Next to that was a photo of Moran and her husband, a music critic and radio documentarian, taken on a windy beach shortly after they met. She was only 17 then; her face round, her smile wide and genuine. They married when Moran was 24; by the time she was 28, they had their two daughters. Such traditional choices seemed surprising for such a wild child. “It’s always seen as this binary thing with women,” Moran explained. “You’re either going to be rock ‘n’ roll or you’re going to be a housewife. It’s either cupcakes or crack. I wanted both. And I got it.” She paused. “Well, not the crack.” then added jokingly, “I quite liked crystal meth, though ...”
Moran’s oldest daughter, whom she calls Lizzie in her writing, is 11, nearly the age Moran was in the opening scene of How To Be A Woman. She clamored into the kitchen, dressed in a school uniform of a gray skirt, white blouse, and maroon sweater, searching for her copy of The Hunger Games. “I’ll tell you,” Moran said after the girl left, “the greatest luxury is to not make your kids as worried as you were. I would rather my daughters be unexceptional but happy. Though the thing is, that they are exceptional and happy.”
They are also feminists. As toddlers, Moran taught them to shout, “Thanks for that, the patriarchy!” whenever they scraped a knee. At age 8, when Lizzie questioned Barbie’s improbable curves, Moran had her draw pictures of what the doll ought to look like (“An outline that was kind of representative,” Moran said, “feet big enough to stand on and a mono-brow because Lizzie has a mono-brow. Hair on her legs. And she made one breast slightly larger than the other, so I was like, Thanks.”) For Halloween last year, the girls dressed as suffragettes.
Figuring out how to introduce them to her beloved pop music has proved trickier. “I didn’t want them to reject pop,” Moran said. “But the best stuff that’s being made at the minute is by women who aren’t wearing many clothes.” It’s not sexiness that bothers her—rock ’n’ roll is supposed to be hot—it’s the lack of variety, the soul-numbing repetition of one, wildly unrealistic porn-inflected ideal for women. “Adele is the only woman for years whose been allowed to get to No. 1 wearing sleeves,” Moran said. For awhile her politics bumped uncomfortably up against her passions. Then she found the funny. “What I finally came down to is that we would pity Rihanna,” she said. “I told my girls, ‘Look at Rihanna: She’s one of the biggest pop stars in the world. She’s really famous, really powerful, really rich. Yet in every single video she can only wear panties. Poor Rhianna! We’ll know when she is properly powerful and successful when we see her in a lovely cardigan.’ ”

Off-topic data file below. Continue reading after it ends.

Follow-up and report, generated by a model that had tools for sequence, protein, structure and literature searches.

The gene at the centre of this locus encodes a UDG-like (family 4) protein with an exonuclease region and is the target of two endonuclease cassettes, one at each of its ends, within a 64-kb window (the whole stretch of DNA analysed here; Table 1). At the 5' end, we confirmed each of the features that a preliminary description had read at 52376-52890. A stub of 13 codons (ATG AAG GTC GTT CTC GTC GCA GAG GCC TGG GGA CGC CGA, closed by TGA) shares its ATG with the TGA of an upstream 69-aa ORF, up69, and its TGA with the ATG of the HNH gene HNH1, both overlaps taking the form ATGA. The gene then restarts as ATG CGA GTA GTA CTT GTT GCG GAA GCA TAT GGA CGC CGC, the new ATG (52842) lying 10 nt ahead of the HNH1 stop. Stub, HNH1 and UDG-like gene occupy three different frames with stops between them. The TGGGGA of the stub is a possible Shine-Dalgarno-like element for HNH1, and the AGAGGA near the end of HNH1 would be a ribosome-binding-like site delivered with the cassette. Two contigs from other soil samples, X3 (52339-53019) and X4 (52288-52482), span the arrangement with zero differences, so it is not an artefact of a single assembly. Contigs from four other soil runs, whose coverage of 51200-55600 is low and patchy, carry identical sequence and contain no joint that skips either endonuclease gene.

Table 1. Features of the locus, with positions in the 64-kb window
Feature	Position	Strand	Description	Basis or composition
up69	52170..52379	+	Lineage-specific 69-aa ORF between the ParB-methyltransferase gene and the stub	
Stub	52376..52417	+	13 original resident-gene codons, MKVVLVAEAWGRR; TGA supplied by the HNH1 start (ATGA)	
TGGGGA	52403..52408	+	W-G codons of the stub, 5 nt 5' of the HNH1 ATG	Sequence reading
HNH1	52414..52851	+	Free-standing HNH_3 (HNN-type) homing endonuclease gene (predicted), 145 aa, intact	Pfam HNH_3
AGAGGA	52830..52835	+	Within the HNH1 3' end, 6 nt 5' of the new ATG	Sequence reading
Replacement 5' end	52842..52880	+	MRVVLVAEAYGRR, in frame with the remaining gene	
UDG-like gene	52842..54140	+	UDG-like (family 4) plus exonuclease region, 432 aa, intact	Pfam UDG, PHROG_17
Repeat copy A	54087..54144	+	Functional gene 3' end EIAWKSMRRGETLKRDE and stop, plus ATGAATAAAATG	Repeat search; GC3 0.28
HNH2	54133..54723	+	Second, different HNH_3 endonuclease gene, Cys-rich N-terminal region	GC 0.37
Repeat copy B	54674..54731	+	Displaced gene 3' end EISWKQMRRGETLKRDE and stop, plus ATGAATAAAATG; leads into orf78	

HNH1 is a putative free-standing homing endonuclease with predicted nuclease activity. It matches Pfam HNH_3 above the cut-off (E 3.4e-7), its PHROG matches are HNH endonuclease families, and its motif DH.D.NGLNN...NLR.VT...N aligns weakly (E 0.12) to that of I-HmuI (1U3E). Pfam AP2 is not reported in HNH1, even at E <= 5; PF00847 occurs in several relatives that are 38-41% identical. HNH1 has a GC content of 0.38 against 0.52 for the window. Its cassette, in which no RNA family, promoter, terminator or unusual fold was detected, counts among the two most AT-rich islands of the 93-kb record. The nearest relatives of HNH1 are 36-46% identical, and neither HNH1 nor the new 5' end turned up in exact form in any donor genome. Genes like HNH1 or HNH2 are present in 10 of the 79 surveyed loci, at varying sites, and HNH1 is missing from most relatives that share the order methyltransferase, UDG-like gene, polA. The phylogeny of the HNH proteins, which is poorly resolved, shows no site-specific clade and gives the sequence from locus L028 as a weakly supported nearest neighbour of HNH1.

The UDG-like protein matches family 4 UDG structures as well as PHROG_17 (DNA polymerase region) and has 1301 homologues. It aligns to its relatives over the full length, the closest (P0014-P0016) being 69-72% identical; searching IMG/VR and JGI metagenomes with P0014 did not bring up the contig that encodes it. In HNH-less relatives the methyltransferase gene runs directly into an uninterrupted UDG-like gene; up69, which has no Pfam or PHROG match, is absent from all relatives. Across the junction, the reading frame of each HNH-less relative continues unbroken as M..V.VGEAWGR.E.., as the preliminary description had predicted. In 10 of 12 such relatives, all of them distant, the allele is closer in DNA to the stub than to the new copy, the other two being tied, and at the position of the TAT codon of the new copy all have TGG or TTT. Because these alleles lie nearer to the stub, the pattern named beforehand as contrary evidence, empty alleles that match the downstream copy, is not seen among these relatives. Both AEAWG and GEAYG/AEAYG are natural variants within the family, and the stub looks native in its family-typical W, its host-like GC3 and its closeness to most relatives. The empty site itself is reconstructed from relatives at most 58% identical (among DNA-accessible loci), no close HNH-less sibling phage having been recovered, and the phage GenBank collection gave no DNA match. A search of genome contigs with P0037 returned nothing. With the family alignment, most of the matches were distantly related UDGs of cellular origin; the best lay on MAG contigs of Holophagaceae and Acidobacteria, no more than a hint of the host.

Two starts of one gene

So many waves of feminism have washed up on America’s shores. Moran’s hopes for her own impact initially come off, like her book itself, as deceptively personal, the dreams of an awkward girl turned celebrity journalist. “I just want Tina Fey to be my best friend,” she said. “And Lena Dunham. And Oprah, too. I just want those three chicks to read it and say, ‘You did good.’ Just those three.” She paused. “And Roseanne Barr. Four. I only really want to sell four copies in America. If I can sell it to those four chicks … and Hillary. OK five. And Michelle Obama. OK six. If I could get those six women to read it …”
Each of those women has publicly struggled with the complexities of “how to be a woman” and, in doing so, expanded the possibilities. And that, in the end is all—and everything—Moran wants: for women to be able to truly define themselves, to author their own fates. “I absolutely do totally want a revolution,” she said. “Because I’ve got kids, and for my own peace of mind I need the world to change before they get out there. I totally need the world to change entirely so they can be safe and happy and never get to 17 and look in the mirror and say, ‘I’m fat and inadequate and there is no place in this world for me.’
"So that’s why I have to change the world. I have six years to make it into a feminist paradise so my little girls won’t get screwed up.”
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